Physically, Finlay has gained weight. We have sought veterinary advice at regular intervals and increased his food intake gradually. Such was the level of deterioration, there were concerns about putting too much pressure on his kidneys and digestive system. When he was given back to us, he was listless and had a poor appetite. He is now eating almost twice the amount of food he did when he was returned. He is also gaining muscle coverage and strength by the day and his energy levels are much higher.  

Another significant milestone is that Finlay has now been deemed well enough by vets to be wormed and vaccinated. This has now been done. Imagine how weak Finlay had to be for a vet to previously consider such routine procedures too risky.  

It has taken a long and emotionally draining ten weeks of thoughtful care by our team, to bring Finlay back from the brink. We must admit, that in the first couple of weeks, every day was nerve-wracking. We shed many tears as we feared for his survival. Those fears have now reduced, although we always remain vigilant for any signs of relapse. It will still take months for him to regain his full condition, but we are here for him every step of the way. You can see in this photo taken last week, that he looks much stronger and brighter and it's clear that he is very interested in exploring his surroundings. He is such a beautiful boy and has come back to life. 

As you all know, Finlay had a very traumatic start, being orphaned and found soaking wet and close to death in the Highlands. He fought hard to survive and under our care, he transformed from that weak and vulnerable orphan, into a strong, confident and beautiful adult. Suddenly, without warning on the the 14th February 2022, he was seized by the police and detained for 4.5 months. We can only imagine the stress, anxiety and suffering he endured during this time. You have all seen the photos of his deterioration in previous posts. However, for the second time in his short life, he has been forced to fight for his survival and that is exactly what he has done. He did not deserve this unnecessary suffering in police custody, it is completely unacceptable.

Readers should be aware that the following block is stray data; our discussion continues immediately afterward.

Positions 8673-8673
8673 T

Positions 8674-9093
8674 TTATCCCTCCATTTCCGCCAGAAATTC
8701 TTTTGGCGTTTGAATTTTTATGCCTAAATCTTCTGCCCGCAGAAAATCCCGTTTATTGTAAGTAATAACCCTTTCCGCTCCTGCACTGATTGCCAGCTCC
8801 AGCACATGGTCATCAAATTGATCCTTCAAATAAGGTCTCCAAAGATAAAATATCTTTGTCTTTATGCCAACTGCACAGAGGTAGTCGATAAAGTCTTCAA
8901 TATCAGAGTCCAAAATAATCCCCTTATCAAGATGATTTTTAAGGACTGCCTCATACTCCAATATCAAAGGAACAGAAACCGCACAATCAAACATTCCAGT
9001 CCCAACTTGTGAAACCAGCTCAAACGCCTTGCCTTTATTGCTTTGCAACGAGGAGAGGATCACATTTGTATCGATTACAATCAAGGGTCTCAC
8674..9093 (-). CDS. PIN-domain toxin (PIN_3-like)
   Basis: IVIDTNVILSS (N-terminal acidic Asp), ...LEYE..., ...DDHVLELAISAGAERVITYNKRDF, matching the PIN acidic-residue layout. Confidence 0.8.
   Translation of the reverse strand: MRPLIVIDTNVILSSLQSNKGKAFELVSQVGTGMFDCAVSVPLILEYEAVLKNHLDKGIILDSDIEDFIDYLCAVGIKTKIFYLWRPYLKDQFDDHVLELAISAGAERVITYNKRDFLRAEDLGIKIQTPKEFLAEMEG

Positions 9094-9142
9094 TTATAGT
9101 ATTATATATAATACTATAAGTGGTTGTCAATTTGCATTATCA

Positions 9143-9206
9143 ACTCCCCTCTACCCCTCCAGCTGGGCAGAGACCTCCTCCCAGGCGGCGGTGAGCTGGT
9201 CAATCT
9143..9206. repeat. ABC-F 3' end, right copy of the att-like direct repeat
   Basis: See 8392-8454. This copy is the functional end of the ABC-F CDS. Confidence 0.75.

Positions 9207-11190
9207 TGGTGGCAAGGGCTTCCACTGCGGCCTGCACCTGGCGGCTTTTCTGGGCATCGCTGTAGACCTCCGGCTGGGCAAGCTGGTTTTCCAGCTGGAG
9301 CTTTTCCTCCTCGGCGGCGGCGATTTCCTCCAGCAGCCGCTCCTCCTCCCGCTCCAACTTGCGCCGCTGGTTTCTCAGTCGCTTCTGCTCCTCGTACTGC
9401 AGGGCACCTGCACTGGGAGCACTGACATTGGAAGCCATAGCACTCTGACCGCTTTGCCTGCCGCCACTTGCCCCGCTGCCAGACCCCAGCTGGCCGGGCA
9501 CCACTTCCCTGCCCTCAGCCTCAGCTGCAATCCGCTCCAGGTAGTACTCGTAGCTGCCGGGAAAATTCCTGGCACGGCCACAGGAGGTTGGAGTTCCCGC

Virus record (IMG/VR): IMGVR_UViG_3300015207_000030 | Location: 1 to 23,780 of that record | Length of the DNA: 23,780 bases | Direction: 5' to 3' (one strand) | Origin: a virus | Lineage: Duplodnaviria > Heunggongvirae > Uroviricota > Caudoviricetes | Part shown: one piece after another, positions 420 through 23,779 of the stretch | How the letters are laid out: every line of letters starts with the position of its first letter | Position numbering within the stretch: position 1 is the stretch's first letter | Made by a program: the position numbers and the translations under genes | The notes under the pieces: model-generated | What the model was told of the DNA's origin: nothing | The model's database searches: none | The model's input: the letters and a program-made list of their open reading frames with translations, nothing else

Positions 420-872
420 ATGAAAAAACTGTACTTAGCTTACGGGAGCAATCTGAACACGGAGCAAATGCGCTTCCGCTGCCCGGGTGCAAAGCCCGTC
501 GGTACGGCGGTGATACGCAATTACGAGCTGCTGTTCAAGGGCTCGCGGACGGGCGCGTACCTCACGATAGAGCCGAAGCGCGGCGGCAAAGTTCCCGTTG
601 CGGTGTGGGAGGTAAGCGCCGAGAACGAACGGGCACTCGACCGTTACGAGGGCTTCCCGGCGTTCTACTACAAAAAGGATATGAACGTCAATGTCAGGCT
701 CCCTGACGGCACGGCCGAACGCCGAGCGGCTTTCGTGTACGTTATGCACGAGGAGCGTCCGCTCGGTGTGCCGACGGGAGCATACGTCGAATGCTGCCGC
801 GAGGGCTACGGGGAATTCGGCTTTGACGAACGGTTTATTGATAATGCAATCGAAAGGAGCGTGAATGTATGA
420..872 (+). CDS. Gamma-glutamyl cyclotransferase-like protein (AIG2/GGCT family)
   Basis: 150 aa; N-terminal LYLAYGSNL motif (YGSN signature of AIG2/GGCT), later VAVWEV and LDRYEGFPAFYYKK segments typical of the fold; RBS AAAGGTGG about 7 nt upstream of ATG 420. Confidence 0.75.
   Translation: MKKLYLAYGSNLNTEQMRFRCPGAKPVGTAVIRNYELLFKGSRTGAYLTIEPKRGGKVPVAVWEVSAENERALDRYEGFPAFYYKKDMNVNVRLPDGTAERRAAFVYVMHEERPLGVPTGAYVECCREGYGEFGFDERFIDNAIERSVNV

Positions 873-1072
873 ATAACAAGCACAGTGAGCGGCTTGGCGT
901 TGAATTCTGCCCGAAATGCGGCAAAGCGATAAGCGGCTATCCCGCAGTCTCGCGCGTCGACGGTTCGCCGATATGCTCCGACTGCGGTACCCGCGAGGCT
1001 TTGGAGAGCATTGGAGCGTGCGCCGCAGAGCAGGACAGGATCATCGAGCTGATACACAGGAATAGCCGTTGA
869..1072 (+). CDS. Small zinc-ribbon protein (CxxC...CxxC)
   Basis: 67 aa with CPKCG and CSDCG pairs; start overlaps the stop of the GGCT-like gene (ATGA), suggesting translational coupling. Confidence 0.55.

This cannot be allowed to happen to any other animal again and so it is vital that all those involved in Finlay’s wrongful detention and all those responsible for his mental and physical trauma, are fully held to account. As we have said, we have instructed a fantastic legal team and the first stage of seeking redress is underway as we put together the strongest case possible. We do not know how long the process will take but like Finlay, we can give you a cast iron guarantee that we will fight as hard as possible and never give up. We will endeavour to see that Justice is done and that Finlay gets the future he deserves. Finlay cannot speak, so collectively, we must speak for him. We know that Finlay has touched all your hearts, so please keep supporting us and share this link as widely as you can:


We will keep you updated every step of the way and will put out some video of Finlay very soon. 

Thanks so much. 

Emily (Director) and Finlay  

Update 1

Wildcat Haven

Aug. 23, 2022


Just a quick message to say a massive thankyou to all of you who have supported our ‘Justice for Finlay’ campaign so far. We are off to a flying start which has enabled us to immediately instruct a fantastic legal team who are specialists in complaints/actions against the Police. We are already getting together all the documents that they will require to present the strongest case possible. Nothing but the best for Finlay and we won’t be holding back.

Finlay is definitely getting better; he has been back with us for 2 months now. He will be seen again by the vet today to monitor his ongoing progress. He still has a long way to go to regain his bulk but we will get there. Crucially though, he is enjoying life, he is getting more active by the day and perhaps most importantly of all, he is getting back that glint in his eye, that he used to have. That steely glare and those piercing eyes are now more apparent. As a lot of you will know with your own animals, it's all in the eyes. A number of you have asked to see a picture of Finlay’s face and we managed to get this picture of him this morning. He is coming back to life.

We will keep you posted on developments on all fronts.

Once again, you are an amazing community of supporters and from the bottom our hearts thank you so very much. Finlay can’t speak so collectively we all speak for him.

Please share this link to our campaign as widely as you can:


Very best wishes

Emily (Director of Wildcat Haven) and Finlay